Tetley was launched nationally, with the help of sister its concerns i.e. COLGATE PALMOLIVE and Clover Pakistan sales team. The company used the same channels of distribution it had employed in its sister concern namely distributor and retailer. The sister concern's sales team initially helped in the distribution of Tetley for six weeks however after that, they went back to attend their own responsibilities. Thus, Tetley's staff was left on their own to run the sales operations. Tetley sales force was newly appointed, had no prior tea selling experience. To add to this the distributor sales force who were the front line soldiers were hired on a very short notice. Hence they lacked essential trainings about product knowledge and market norms. Nawaz was of the opinion that Tetley would be a hot cake to sell, and consequently did not require trained sale men. Although, he was strongly advised by his peers to hire and train the sales force at least 3 months prior to launch.

Despite all of the suggestions Nawaz hired the salesmen a few days before the launch. Therefore, they were familiar with the journey cycle/routing and geographies of the markets at the time of the launch. Furthermore the briefing to the distributors by the company was inappropriate vis-a-vis infrastructure requirements i.e. Number of delivery vans, sales men, order bookers, stock suppliers and merchandisers. Thus, the launch plan was haphazard and not prepared and shared in advance.

On top of this Nawaz and his team were not at all equipped to fight the battle with the competitors. Unilever and Tapal the two major competitors were fully aware of Tetley's launch time. Hence they had pushed heavy stocks in the market with extremely lavish trade offers to the trade. By this act, competition was able to tie up the trade investment in their brands to block the launch of Tetley. Hence at the time of the launch competitors released heavy burst of advertisements, spending far exceeding their budgets.

Competition

Unilever

Nationally Unilever Pakistan was losing market share. Still the company had the highest national share with a tremendous rural contribution. Within Unilever brand rural share was 76% in 2010 but declined to 74% in 2011. Only Supreme seemed to be growing in rural areas. Remaining two major brands i.e. LYL[?] and Pearl Dust were declining both nationally and in rural areas (see Annexure E and FSS).Since the last 4 years Unilever had experienced volume decline. The company mainly expected success from it's the 3 brands, Yellow Label, Pearl Dust and Supreme. However, A- One was experiencing continuous decline. From 2007 onward Unilever's tea category had been left with 4 brands out of 14 in 2005(see Annexure G).

For the promotion of LYL different media were used in order to increase the effectiveness of the campaign. Budget was directly linked to the sales volume target. Television advertising took 55% of the marketing budget, following it was outdoor 15%, print media 10%, POS 5%, Radio 5%, DDS(Door to Door Sampling) and Sampling 5%. For the coming four years i.e. 2006 to 2010 the strategy was to promote the brand as an up-class brand for urban consumer. LBPL had laid the following objective for the next five years:-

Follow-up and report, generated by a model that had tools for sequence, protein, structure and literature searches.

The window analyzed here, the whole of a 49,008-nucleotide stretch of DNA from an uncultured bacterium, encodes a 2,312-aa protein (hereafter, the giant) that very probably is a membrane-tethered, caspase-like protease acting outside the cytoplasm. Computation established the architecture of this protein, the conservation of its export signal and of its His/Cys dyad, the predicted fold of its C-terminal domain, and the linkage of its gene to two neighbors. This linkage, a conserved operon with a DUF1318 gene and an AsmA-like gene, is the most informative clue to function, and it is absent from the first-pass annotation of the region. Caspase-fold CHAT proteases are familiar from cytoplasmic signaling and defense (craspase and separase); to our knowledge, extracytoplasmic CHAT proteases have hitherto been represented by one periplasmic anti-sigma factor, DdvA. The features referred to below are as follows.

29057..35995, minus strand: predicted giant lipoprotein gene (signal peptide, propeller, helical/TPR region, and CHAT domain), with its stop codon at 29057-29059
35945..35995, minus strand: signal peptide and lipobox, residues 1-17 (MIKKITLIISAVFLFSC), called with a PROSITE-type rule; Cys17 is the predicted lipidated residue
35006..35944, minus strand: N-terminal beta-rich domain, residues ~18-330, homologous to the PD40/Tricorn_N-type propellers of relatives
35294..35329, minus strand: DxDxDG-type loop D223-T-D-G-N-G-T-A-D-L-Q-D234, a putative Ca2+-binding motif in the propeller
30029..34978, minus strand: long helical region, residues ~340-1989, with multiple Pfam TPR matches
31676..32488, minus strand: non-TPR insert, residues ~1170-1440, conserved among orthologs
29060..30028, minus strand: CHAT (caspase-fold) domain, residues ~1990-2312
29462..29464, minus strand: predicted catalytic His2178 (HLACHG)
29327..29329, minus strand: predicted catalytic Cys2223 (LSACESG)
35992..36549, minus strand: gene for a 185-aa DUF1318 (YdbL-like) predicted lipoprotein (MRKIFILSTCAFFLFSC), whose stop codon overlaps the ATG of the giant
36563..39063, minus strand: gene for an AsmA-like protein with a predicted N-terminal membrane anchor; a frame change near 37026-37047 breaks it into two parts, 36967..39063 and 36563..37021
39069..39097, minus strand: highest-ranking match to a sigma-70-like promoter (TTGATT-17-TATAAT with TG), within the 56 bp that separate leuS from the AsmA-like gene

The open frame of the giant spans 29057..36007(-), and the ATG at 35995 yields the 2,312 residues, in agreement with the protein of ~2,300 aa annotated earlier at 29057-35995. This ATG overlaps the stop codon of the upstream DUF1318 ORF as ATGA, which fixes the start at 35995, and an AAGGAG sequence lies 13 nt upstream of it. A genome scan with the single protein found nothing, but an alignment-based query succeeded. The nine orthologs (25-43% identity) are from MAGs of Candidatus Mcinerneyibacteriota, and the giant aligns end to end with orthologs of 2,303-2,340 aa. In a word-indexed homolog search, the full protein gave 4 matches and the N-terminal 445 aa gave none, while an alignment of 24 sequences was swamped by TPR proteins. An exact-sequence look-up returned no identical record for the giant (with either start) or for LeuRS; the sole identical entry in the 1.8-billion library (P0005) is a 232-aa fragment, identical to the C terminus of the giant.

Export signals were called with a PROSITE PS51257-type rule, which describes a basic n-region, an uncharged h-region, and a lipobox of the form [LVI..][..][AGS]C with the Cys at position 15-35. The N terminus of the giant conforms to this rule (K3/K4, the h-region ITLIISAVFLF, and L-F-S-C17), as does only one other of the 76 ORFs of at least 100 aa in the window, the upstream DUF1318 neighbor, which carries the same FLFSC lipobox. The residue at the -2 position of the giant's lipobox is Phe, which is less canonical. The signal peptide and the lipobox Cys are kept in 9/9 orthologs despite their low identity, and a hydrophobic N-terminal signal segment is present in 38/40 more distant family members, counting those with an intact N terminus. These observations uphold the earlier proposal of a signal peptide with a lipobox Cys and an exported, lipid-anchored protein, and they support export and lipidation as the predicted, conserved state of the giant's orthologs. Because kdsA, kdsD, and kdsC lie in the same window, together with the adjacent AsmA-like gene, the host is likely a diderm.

* To attain clarity in quality

* Develop OOH consumption

Conversely, Supreme after takeover of Brooke Bond Supreme was positioned differently. Its aspiration was grown more to be a Pakistani Brand with its distinctive red packaging. It was a brand catering to masses' taste in Pakistan. It was promoted among middle and lower middle class segment especially in sub urban and rural markets. Pearl Dust was the promoted for the entire income group in Sind region. A1 / Kenya Mixture's marketing plan was to focus in Baluchistan which is a potential market for branded mixture and take share from Tapal Family Mixture nationally.

Tapal

Tapal was second biggest player in the market. Its market share had increased from 18%-20% in 2011.Main Gain was in Rural areas, whereas it had lost in urban areas. Tapal had worked on rural market in 2009 to gain 41% share from 39%(see Annexure E and F) .Past five years figure of Tapal Sales show that they have been gaining nationally and losing only in one brand i.e. Mezbaan Premium Dust, a dust blend focused on Sind Region only. Tapal continued to market its brands blend wise in every region. Particularly their focus was on Punjab where they expected to strengthen their Danedar brand.

Tapal was armed with voluminous budget of around 500 million for ATL and around 180 million for trade marketing, brand activation and rural vans operation. They had region wise bifurcation. Over all their yearly calculation of spend was per kg sale of tea. They planned to sell on negative margin for two years. This indicated an aggressive marketing strategy for newly launch Tetley.

Mushroom Brands

Mushroom brands had grown in urban and rural areas at a healthy pace. Loose and unbranded tea was stagnant nationally. Its share had dropped in the urban areas; however the effect was counter balanced by lead in rural areas in 2011 vs. 2010. In rural areas mushroom brands competed directly with Unilever brands that were growing continuously (see Annexure E and F).